Madison Williams stands with her husband, Marine Pfc. Christopher Williams. The private's wife says her perspective on the Fourth of July has changed since becoming a military spouse. (Submitted photo)
ALBANY — Independence Day means many things to a lot of people — fireworks, cookouts and family gatherings. From the perspective of a military spouse, it can mean something different.
Madison Williams, of Leesburg, is a newly minted Marine wife, having married Pfc. Christopher Williams in February after being best friends with him for four years. He went through boot camp last year and is currently stationed at Naval Air Station Pensacola, where he is undergoing Military Occupational Specialty training.
Consequently, they have been separated more than they have been together since becoming a married couple.
“We got married on his 10-day leave,” she said.
As a young child, Williams used to love Fourth of July festivities. She would go home and dream of fireworks, and appreciated the opportunity to go out and get a tan. Lately, her eyes have been opened as to the true meaning of Independence Day.
“Now, it is more about his absence and what that means,” she said. “He is sacrificing his time. I’m going to see him (on the holiday weekend). He is not allowed to come home; that’s his job.”
Among the things her husband has had to sacrifice, aside from his time, is big family moments.
“My baby sister just turned 1,” Williams said. “Before he left he was always with me, and he grew fond of her. It crushed him when he missed her first birthday.
“It’s the simple things you don’t realize are important until you don’t have them.”
The Fourth of July, for Williams, now goes beyond applying sunscreen, enjoying watermelon and having a good time. It means that her spouse will be honored for the sacrifices he has made, and it’s an opportunity to thank other service members for what they do and the sacrifices they make.
Recently, she expressed her feelings about the day in a paper she wrote for one of her classes at Darton State College.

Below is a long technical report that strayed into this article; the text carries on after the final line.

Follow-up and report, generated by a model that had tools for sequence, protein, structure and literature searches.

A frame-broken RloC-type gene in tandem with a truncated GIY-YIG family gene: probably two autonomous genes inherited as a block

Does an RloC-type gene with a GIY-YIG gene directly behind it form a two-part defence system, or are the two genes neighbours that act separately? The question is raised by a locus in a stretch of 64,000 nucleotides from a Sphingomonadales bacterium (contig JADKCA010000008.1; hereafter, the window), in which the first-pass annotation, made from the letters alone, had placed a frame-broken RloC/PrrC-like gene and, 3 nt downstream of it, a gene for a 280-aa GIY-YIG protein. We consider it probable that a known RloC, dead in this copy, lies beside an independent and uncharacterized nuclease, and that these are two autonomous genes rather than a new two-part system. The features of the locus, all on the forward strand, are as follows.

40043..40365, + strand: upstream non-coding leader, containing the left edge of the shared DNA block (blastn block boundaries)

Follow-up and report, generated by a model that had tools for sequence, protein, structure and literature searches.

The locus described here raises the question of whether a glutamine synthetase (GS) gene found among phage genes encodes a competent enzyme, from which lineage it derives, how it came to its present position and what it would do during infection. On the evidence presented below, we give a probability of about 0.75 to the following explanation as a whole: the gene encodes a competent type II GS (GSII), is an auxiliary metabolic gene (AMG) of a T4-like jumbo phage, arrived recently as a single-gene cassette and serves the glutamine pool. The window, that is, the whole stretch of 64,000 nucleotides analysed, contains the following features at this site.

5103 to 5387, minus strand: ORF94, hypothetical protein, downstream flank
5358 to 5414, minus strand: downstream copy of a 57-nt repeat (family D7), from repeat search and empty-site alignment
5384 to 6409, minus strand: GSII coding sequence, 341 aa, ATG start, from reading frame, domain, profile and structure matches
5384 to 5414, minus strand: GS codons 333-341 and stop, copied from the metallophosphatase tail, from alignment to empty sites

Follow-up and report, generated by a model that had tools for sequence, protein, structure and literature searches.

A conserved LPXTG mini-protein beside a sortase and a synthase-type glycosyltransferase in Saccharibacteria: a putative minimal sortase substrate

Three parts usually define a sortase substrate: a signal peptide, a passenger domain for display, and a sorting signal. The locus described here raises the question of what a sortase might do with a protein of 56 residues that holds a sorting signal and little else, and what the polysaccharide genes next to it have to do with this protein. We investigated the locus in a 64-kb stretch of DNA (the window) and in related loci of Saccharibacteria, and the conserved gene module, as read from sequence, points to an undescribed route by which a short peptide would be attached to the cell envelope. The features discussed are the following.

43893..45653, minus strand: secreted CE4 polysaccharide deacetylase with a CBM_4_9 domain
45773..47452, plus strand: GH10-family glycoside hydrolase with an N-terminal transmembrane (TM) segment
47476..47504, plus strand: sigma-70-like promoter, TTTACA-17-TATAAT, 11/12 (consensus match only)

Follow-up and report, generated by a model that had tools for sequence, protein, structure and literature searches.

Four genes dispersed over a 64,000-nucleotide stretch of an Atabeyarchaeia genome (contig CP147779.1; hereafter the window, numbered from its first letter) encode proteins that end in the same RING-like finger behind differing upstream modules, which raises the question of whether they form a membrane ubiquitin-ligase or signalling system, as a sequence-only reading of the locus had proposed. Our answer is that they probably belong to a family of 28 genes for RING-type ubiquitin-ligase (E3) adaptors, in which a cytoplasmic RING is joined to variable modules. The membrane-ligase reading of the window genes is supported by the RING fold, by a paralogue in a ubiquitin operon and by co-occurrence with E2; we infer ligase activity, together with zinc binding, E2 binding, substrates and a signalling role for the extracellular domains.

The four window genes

“The Pledge of Allegiance, the National Anthem, and the American flag have never had a greater meaning in my life than they do right now,” she wrote.
She also hopes that today is a day when people sit down and reflect on what freedoms they have been afforded Americans.
“I would want people to sit down and think about why they get to go to the job they want to go to, put on the clothes they want to wear and why they are able to get in the car and go to the grocery store,” Williams said.
On average, the couple has been able to see each other roughly once a month — which has forced her to learn patience.
“Don’t take the simple things for granted … simple things like talking to your husband, or going home and being able to eat dinner, anything you can do on a daily basis,” the Marine wife said.
The last two paragraphs of her paper sums it up:
“So I guess you could say the Fourth brings more than fireworks, sunscreen, or watermelon, it brings freedom, sacrifice, honor, loyalty, and love. The Fourth to me will be celebrated just like it was my own anniversary because it is. It is more important to me than any other holiday because it is the day my husband gets honored for the things he does for this country. It is the day that all of the men and women get recognized for missing holiday with their families, men missing the births of their children, missing funerals, or first birthdays, and most importantly it’s the day they are honored for giving their lives so that you and I can have all of those things. They give this country freedom with their own lives.
“I ask you for this Fourth think of it as freedom, if you don’t already, and not just a good time. Go out and shake a Marine’s hand, an airmen’s hand, a soldier’s hand, or a seamen’s hand and thank them for what they do for you and this country. That is what the Fourth of July means to a Marine wife, it’s Independence.”